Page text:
The statistical significance of meta-analyses is frequently fragile: definition of a fragility index for meta-analyses

  • Ignacio Atal
    Correspondence
    Corresponding author. Centre d’Epidémiologie Clinique, Hôpital Hôtel-Dieu, 1, place du parvis Notre Dame, 75004 Paris, France. Tel.: +33 1 42 34 87 65; Fax: +33 142348790.
    Affiliations
    Centre d’Épidémiologie Clinique, Hôpital Hôtel-Dieu, Paris, France

    Team METHODS, Centre of Research in Epidemiology and Statistics Sorbonne, Paris Cité–CRESS Inserm UMR1153, Paris, France

    Université Paris Descartes, Paris, France
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  • Raphaël Porcher
    Affiliations
    Centre d’Épidémiologie Clinique, Hôpital Hôtel-Dieu, Paris, France

    Team METHODS, Centre of Research in Epidemiology and Statistics Sorbonne, Paris Cité–CRESS Inserm UMR1153, Paris, France

    Université Paris Descartes, Paris, France
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  • Isabelle Boutron
    Affiliations
    Centre d’Épidémiologie Clinique, Hôpital Hôtel-Dieu, Paris, France

    Team METHODS, Centre of Research in Epidemiology and Statistics Sorbonne, Paris Cité–CRESS Inserm UMR1153, Paris, France

    Université Paris Descartes, Paris, France
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  • Philippe Ravaud
    Affiliations
    Centre d’Épidémiologie Clinique, Hôpital Hôtel-Dieu, Paris, France

    Team METHODS, Centre of Research in Epidemiology and Statistics Sorbonne, Paris Cité–CRESS Inserm UMR1153, Paris, France

    Université Paris Descartes, Paris, France

    Epidemiology Department, Mailman School of Public Health, Columbia University, New York, NY, USA
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      Abstract

      Objectives

      Meta-analyses inform clinical practice by summarizing treatment effect estimates based on results from several trials. However, the statistical significance of a meta-analysis (i.e., whether the pooled treatment effect is statistically significant or not) may rely on the outcome of only a few patients from specific trials in the meta-analysis. We aimed to evaluate the extent to which the statistical significance of meta-analyses can be changed (from statistically significant to nonsignificant, or vice versa) after modifying the event status of patients in specific arms of specific trials.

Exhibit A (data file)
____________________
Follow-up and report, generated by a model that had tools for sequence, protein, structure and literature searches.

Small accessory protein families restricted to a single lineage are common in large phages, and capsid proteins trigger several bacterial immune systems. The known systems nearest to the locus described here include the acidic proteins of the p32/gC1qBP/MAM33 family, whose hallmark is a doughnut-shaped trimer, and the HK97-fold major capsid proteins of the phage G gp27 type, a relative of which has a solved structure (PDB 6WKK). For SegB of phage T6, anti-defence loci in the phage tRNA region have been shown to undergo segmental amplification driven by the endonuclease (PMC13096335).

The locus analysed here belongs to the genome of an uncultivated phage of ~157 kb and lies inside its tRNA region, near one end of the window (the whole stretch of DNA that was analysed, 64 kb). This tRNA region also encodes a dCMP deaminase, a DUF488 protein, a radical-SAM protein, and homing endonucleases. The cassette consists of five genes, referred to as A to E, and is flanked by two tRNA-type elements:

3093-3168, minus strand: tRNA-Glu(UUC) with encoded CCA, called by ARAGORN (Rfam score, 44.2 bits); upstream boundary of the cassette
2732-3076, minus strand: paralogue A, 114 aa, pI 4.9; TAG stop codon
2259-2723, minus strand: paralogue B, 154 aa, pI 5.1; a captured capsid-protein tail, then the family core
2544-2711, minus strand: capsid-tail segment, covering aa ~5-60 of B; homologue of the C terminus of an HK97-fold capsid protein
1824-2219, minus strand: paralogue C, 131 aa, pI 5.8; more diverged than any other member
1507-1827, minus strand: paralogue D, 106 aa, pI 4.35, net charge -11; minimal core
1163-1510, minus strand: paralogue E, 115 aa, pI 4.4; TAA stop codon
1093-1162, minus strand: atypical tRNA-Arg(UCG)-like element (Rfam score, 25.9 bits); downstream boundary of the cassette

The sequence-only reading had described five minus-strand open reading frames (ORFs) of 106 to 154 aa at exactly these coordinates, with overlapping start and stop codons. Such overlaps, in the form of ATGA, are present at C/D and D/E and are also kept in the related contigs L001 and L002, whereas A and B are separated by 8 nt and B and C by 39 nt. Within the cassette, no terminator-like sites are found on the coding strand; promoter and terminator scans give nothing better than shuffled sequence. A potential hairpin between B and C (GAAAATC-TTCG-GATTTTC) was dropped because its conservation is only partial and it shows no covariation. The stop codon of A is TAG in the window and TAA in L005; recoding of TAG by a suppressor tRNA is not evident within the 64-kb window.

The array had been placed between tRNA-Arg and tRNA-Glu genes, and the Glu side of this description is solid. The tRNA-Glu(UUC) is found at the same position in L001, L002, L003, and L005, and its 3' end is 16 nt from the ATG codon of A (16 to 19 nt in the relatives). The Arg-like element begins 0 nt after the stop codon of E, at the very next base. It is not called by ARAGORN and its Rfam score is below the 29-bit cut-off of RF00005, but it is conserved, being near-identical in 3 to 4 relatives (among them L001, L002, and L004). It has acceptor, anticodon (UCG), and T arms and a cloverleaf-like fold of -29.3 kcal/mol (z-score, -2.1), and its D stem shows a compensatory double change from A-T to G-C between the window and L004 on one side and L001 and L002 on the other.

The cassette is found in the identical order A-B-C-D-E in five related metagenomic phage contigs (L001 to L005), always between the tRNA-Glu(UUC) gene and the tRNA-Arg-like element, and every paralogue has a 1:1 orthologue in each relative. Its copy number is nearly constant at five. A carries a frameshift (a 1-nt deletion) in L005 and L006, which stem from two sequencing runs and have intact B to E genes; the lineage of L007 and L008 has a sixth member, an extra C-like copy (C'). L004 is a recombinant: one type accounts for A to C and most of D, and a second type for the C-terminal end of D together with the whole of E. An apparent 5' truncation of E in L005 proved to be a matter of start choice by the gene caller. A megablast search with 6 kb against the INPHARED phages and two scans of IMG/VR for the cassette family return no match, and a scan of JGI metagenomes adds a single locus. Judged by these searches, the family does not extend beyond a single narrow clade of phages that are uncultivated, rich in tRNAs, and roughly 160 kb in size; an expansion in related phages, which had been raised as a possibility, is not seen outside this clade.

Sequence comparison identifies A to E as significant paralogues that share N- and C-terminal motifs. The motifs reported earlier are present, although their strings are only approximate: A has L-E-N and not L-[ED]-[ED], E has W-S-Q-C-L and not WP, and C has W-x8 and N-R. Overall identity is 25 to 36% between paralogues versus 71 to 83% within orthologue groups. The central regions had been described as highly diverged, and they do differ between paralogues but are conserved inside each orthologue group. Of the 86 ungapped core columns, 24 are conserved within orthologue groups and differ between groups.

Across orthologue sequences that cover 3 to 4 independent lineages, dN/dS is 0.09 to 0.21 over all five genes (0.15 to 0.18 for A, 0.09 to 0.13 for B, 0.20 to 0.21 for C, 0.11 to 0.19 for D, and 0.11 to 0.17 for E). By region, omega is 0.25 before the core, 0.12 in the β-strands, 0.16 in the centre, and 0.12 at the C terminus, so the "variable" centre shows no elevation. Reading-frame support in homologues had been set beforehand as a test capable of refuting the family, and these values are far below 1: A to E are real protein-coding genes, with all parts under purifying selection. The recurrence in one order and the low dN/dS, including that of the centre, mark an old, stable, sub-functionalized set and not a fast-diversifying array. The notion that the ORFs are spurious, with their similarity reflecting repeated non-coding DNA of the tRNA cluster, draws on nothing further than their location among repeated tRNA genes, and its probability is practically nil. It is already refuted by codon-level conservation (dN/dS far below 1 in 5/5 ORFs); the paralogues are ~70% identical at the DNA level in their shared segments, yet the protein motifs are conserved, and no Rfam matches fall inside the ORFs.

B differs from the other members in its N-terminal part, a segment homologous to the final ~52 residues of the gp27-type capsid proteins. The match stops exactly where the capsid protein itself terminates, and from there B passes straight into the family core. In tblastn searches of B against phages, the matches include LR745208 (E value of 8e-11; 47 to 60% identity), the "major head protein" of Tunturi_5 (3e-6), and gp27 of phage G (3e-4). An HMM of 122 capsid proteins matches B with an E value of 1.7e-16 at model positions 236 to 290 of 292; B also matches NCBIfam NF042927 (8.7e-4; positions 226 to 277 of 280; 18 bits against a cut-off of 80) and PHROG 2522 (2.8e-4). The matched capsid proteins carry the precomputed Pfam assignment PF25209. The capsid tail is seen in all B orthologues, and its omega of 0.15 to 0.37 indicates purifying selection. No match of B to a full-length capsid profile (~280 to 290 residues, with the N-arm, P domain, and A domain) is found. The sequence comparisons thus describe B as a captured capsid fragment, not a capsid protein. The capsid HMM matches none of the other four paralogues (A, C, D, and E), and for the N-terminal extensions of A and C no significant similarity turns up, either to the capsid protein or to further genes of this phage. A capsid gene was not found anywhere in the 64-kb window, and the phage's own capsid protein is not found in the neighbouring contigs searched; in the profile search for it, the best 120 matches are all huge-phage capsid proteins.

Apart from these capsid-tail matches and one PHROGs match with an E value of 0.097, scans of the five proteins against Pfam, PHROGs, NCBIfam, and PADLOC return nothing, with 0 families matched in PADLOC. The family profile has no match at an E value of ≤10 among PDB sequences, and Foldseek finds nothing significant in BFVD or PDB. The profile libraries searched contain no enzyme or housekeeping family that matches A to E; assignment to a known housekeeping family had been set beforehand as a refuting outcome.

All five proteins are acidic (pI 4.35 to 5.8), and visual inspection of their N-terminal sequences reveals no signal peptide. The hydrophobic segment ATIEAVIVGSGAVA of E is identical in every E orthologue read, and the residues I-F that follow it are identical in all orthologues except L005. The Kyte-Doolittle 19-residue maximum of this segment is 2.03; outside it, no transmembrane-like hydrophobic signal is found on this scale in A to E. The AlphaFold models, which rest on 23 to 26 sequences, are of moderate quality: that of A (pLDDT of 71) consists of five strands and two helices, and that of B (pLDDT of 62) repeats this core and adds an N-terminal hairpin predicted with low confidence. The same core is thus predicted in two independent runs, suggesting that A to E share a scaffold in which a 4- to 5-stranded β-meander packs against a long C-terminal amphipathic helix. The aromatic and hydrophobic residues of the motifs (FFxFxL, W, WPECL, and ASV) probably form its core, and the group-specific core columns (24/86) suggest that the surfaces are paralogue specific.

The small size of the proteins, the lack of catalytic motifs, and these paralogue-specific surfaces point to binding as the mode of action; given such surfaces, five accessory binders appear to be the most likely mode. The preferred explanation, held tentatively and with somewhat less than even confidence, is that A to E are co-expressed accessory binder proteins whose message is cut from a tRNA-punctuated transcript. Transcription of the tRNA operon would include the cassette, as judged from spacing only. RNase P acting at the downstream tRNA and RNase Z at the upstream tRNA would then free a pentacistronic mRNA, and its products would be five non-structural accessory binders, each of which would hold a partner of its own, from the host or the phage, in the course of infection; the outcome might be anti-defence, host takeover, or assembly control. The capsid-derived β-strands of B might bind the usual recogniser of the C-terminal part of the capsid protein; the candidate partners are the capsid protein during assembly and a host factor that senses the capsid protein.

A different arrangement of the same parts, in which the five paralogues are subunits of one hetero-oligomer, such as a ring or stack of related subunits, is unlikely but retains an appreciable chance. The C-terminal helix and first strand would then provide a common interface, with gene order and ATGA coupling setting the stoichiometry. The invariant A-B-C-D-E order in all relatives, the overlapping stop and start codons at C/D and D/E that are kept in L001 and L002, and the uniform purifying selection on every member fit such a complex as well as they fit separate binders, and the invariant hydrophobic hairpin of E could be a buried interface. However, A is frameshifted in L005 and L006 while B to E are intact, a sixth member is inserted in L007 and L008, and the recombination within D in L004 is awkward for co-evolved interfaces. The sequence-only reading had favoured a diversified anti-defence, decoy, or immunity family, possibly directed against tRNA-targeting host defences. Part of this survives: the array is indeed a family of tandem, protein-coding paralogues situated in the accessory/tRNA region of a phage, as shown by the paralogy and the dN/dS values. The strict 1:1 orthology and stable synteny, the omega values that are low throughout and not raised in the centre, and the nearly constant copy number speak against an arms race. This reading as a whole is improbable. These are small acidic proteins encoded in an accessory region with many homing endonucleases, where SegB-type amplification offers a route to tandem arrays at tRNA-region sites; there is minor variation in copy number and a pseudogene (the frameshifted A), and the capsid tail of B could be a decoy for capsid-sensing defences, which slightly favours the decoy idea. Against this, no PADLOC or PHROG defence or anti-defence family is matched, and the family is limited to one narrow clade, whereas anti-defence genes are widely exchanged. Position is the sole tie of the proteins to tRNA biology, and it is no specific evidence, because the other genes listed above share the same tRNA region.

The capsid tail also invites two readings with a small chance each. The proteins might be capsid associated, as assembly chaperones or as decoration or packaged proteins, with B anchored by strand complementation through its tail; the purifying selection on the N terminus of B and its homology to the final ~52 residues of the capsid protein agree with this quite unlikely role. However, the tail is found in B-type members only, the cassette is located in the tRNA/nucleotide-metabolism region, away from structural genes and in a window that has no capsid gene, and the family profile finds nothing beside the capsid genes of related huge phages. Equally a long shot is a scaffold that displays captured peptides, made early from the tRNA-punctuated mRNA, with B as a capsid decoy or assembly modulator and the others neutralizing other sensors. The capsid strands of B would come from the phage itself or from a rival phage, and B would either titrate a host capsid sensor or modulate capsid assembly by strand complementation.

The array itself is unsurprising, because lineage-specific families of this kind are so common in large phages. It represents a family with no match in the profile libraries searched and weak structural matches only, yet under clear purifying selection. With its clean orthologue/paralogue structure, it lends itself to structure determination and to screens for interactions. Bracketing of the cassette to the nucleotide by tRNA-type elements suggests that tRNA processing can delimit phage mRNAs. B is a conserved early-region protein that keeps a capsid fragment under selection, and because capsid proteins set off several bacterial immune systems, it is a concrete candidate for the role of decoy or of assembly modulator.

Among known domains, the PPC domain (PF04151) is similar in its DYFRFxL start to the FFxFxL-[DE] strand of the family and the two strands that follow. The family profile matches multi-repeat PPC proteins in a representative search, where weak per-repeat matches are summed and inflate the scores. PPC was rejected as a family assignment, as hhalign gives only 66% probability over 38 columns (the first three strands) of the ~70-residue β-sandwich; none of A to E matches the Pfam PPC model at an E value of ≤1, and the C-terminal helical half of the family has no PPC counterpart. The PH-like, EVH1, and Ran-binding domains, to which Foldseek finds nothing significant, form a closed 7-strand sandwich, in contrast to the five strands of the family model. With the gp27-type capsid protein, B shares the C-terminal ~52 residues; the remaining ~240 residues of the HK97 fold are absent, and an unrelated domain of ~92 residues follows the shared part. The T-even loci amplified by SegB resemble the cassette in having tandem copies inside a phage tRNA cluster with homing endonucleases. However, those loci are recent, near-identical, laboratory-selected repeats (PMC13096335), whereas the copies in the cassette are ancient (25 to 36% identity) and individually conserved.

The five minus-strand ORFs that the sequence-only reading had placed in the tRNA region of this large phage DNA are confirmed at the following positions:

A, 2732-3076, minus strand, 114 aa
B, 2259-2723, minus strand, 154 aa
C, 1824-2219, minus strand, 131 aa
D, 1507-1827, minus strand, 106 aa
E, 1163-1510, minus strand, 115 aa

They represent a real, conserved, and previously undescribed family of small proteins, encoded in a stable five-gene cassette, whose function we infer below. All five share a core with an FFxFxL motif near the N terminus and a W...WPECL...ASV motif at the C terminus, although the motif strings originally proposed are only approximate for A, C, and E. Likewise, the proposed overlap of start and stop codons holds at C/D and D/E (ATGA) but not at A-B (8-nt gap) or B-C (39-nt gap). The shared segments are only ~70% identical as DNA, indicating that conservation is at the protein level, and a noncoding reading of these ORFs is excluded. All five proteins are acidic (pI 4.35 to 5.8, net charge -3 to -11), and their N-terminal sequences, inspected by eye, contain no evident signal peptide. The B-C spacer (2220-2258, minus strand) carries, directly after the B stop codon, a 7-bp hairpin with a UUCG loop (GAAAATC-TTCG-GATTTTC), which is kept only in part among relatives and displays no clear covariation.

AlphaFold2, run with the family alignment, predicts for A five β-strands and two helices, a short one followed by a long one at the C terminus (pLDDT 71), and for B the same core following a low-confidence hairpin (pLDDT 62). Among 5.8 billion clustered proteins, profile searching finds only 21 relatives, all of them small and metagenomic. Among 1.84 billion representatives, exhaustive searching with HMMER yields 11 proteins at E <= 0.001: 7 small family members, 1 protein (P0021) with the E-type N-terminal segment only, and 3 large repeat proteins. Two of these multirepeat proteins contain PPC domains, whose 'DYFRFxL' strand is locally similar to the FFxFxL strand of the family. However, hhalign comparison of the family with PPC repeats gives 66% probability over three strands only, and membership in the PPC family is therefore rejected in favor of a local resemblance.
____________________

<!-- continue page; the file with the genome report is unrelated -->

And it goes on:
Methods

      We conducted a cross-sectional analysis of meta-analyses of trials with a binary outcome from Cochrane Systematic Reviews. We defined the fragility index of meta-analyses as the minimum number of patients from one or more trials included in the meta-analysis for whom an event-status modification (i.e., changing an event to nonevent or a nonevent to event) would change the statistical significance of the pooled treatment effect. For statistically significant and nonsignificant meta-analyses, we evaluated the fragility index, the ratio between the fragility index and the total number of participants included in the trials, and the ratio between the fragility index and the total number of events.

      Results

      Our sample comprised 906 meta-analyses: 400 and 506 had statistically significant and nonsignificant pooled treatment effects, respectively. For statistically significant meta-analyses, the median fragility index was 12 (Q1–Q3: 4–33); for 29% the fragility index was 5 or less. Overall, 43% and 9% meta-analyses would have become nonsignificant if the event status was modified for less than 1% of the total participants in one or several specific trials, and for less than 1% of the total number of events, respectively. These proportions were similar for statistically nonsignificant meta-analyses. Overall, the statistical significance of 33% of all meta-analyses depended on the event status of five or fewer participants from one or more specific trials.

      Conclusion

      The statistical significance of meta-analyses often depends on the outcome of a few patients. The fragility index of meta-analyses may help in interpreting the conclusions of meta-analyses.

      Keywords

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